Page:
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All Shook Up

Appropriations Lobbyists Puzzle Through Congress’ New Order

Appropriations lobbying historically has been one of the most reliable sectors on K Street. But at the moment, it’s also among the most uncertain.

The Congressional Republican leadership, looking to reduce the number of Appropriations subcommittees from 13 to 10 and take a stronger hand in how jurisdiction is parceled out among those panels, has taken up a landmark reorganization. The Senate and House have not agreed to a plan, although a decision is expected by the end of this week.

As if that weren’t hectic enough, lobbyists and their clients who want earmarks in next year’s budget are scurrying under tight deadlines to turn in their funding requests. With concern about the federal deficit growing on both sides of the aisle, competition for such money is expected to be as sharp as ever.

“It’s a pretty tense time for all of us who have an interest in the appropriations process,” said Vincent Versage, a principal at the National Group, whose registered clients range from Oklahoma State University to the National Jewish Hospital to the American Film Institute.

Versage said that until recently, he had expected an on-time spending process this year, after 2004 in which a persistent backlog resulted in an enormous, last-minute omnibus bill. But that was before the restructuring proposals emerged.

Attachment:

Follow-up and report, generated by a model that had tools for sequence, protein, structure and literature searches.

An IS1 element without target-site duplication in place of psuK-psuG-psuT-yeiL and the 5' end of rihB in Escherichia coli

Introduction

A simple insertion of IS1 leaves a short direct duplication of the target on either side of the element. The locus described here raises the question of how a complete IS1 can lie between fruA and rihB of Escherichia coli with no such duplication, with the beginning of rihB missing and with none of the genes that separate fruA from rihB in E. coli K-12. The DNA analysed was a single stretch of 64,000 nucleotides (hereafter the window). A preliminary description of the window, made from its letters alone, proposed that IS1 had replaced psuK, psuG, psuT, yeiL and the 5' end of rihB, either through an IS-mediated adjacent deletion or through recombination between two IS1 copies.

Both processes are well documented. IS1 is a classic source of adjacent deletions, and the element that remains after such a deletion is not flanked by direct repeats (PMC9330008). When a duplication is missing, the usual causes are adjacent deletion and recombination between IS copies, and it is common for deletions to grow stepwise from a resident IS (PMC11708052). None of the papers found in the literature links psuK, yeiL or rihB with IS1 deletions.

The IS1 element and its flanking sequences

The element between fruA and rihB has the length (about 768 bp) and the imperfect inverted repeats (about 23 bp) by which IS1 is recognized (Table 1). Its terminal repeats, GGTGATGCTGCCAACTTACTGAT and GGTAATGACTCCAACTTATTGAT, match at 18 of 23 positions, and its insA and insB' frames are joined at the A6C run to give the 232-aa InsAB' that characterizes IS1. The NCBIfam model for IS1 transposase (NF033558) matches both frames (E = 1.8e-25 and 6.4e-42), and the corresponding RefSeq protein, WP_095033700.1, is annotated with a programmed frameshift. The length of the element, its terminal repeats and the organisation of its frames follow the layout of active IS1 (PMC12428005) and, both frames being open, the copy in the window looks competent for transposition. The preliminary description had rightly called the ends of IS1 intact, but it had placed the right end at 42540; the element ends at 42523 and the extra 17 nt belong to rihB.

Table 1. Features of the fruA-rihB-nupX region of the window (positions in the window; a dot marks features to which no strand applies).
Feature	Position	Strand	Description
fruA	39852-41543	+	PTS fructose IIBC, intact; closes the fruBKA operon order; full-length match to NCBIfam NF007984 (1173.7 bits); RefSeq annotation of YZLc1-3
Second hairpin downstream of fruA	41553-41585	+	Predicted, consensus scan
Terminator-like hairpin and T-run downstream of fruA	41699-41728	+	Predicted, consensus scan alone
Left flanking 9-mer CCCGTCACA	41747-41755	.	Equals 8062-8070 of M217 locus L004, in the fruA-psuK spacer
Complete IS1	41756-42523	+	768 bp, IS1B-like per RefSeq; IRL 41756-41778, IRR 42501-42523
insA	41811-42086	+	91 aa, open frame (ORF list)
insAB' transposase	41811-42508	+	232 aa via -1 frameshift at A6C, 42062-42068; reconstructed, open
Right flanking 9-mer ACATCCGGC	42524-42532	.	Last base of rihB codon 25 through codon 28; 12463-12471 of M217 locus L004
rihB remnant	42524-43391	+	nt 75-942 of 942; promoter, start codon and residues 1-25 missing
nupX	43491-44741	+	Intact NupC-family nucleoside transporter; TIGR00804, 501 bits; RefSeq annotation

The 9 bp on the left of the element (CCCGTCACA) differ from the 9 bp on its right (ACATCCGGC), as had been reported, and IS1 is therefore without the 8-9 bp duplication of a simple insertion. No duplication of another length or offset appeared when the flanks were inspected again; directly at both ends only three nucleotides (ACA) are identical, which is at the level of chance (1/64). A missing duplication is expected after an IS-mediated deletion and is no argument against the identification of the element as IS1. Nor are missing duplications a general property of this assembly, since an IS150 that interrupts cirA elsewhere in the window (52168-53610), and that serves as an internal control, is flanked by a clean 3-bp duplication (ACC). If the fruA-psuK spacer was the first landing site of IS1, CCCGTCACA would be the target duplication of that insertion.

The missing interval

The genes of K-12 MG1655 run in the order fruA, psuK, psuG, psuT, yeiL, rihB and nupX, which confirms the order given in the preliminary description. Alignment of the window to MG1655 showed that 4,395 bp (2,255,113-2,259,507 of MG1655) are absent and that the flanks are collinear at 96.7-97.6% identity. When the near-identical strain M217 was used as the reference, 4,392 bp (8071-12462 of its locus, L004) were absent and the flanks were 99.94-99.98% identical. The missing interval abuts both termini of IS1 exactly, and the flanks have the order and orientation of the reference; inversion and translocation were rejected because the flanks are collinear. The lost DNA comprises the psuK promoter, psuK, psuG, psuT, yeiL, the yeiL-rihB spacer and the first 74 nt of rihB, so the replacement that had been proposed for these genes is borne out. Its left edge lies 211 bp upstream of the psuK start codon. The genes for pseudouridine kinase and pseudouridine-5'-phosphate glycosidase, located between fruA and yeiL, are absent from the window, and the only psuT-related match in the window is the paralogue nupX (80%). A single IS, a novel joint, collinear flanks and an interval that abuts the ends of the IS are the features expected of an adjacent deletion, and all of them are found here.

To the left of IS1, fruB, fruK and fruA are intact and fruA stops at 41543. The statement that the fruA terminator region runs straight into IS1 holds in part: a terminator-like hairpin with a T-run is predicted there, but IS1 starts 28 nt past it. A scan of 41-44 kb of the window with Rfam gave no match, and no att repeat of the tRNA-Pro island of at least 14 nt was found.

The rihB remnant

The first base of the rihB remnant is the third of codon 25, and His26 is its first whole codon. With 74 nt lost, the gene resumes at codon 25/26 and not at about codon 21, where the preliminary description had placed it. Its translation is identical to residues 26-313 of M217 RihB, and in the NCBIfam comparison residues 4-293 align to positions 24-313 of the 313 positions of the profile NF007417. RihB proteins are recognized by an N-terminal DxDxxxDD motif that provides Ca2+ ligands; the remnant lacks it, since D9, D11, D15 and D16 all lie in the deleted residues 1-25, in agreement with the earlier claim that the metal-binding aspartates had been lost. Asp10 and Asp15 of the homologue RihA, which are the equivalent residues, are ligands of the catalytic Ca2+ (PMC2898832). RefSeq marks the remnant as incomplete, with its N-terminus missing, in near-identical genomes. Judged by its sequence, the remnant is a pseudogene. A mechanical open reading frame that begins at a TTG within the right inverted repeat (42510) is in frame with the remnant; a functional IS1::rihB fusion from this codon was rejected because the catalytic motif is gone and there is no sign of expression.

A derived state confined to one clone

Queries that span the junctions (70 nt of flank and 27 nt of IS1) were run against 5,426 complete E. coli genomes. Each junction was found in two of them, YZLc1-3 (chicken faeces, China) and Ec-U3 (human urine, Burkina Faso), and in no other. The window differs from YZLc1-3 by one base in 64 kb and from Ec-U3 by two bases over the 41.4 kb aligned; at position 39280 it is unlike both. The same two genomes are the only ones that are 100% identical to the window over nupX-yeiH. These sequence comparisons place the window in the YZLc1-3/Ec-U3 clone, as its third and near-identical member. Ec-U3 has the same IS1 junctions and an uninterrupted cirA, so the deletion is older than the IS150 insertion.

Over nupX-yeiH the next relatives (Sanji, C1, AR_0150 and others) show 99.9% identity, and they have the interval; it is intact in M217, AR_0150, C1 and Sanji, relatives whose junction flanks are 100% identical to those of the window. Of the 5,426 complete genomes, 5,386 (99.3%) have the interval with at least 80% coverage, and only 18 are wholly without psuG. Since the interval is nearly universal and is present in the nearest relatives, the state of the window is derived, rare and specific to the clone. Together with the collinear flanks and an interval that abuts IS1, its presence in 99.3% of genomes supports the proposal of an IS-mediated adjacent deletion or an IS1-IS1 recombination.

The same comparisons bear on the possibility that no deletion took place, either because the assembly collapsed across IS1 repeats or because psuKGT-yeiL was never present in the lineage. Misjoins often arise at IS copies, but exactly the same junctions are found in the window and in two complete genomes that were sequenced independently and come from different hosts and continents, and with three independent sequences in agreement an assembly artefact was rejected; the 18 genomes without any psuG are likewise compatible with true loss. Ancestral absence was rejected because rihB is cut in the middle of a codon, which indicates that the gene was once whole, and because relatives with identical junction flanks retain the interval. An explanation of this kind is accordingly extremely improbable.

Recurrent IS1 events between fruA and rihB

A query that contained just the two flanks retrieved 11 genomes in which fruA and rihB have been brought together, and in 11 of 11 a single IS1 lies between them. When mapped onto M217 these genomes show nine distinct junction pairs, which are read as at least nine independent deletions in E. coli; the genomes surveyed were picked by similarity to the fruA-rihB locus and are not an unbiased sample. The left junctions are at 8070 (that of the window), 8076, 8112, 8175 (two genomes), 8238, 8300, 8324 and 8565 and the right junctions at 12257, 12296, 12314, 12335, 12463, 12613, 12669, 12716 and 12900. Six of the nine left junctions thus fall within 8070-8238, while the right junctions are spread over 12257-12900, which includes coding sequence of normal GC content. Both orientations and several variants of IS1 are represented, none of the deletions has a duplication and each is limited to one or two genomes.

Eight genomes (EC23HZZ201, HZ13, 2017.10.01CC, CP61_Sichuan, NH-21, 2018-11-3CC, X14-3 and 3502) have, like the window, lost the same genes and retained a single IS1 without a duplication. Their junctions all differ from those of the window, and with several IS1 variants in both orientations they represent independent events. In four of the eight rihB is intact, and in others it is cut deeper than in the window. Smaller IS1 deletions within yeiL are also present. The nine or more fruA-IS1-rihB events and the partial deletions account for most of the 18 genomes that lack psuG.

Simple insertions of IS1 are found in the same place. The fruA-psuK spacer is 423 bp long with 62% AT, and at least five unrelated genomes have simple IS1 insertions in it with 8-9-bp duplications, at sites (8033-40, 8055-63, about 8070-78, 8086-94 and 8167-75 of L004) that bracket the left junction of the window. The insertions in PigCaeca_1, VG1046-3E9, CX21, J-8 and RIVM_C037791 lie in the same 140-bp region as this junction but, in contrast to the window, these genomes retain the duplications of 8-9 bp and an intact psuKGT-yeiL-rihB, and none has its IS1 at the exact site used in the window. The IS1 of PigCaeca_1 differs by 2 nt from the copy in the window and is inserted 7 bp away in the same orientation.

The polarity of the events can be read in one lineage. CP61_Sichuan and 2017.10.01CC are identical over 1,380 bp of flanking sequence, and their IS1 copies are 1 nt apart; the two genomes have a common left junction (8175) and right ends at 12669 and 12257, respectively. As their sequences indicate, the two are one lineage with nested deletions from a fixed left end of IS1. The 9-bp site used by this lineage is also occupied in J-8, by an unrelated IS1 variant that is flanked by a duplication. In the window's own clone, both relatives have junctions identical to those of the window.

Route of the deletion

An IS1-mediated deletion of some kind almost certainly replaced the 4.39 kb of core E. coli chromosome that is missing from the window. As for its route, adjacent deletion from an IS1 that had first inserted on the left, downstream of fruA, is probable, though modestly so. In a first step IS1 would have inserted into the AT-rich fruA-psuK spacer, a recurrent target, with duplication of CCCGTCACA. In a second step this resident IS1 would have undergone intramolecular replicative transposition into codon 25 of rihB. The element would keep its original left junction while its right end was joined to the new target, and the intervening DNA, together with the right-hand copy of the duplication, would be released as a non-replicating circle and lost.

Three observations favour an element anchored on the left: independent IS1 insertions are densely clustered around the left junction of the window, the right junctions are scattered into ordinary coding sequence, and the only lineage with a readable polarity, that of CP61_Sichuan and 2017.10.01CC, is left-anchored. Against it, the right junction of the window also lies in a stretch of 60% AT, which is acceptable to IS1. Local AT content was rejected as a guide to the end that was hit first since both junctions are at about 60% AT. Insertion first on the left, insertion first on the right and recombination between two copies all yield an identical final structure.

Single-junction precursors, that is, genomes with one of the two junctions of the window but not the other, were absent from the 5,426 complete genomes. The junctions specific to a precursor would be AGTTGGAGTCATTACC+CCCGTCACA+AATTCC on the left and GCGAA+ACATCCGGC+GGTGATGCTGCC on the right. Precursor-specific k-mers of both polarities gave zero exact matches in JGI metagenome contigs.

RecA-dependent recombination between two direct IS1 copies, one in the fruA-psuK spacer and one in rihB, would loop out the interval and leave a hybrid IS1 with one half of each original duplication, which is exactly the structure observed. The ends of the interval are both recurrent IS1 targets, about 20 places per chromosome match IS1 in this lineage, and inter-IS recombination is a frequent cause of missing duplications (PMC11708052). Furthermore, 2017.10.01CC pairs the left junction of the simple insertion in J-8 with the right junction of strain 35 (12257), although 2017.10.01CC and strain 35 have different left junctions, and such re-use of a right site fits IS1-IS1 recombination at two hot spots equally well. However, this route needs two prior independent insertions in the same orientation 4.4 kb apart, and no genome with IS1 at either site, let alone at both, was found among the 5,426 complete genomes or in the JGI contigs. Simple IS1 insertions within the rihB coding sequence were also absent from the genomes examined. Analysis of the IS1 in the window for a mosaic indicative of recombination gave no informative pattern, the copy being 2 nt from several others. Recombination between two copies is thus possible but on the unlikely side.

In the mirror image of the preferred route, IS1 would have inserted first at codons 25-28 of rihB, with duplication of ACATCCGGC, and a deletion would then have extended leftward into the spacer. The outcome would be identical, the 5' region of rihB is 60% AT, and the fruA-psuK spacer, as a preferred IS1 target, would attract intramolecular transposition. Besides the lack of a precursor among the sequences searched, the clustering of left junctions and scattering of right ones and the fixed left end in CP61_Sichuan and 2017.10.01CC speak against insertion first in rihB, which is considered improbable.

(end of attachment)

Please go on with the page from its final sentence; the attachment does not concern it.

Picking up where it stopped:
“With the reorganization that’s occurring, that is causing quite a problem,” he said. “You have an acceleration of the timing, but at the same time, the reorganization is not settled. Most people don’t know where they’re going to end up — who’s going to be chairman and ranking member” on the subcommittees.

Both committees already entered the 109th Congress with new chairmen — Sen. Thad Cochran (R-Miss.) and Rep. Jerry Lewis (R-Calif) — so lobbyists already had been preparing for some shuffling. They also were ready for possible reductions in spending because of concerns by fiscal conservatives who want to hold down the deficit.

But most lobbyists said they did not expect such dramatic proposals as those being hammered out now. And the timing, coming as the new Congress begins its work, makes sense for the appropriations committees, but not for lobbyists.

“At the beginning of the year, you’re already in a sense of urgency,” said C. Michael Fulton, an executive vice president at Golin/Harris International. “Then, if somebody wants to change the rules of the game in the middle of the game, it can make our job very difficult. I came here in 1979, and the 13 committees are almost identical, except for Homeland Security. New programs have been added, and new opportunities for earmarking have gone up. This would be a huge change.”

Many Congressional offices have set late-February deadlines for requests, and lobbyists say those targets haven’t changed as a result of possible major committee shuffles.

“It makes what we’re doing much more of an art than a science,” said Barry Rhoads, chief executive officer of the Rhoads Group. “You’ve got to really be willing to pivot based on whatever happens.”

Rhoads added, “We’re actively engaged with our clients, doing appropriations meetings every day. We don’t just work Capitol Hill, but we work the agencies.”

The shuffling of committees, chairmen and jurisdiction also tends to mean changes in staff — another headache for Appropriations lobbyists.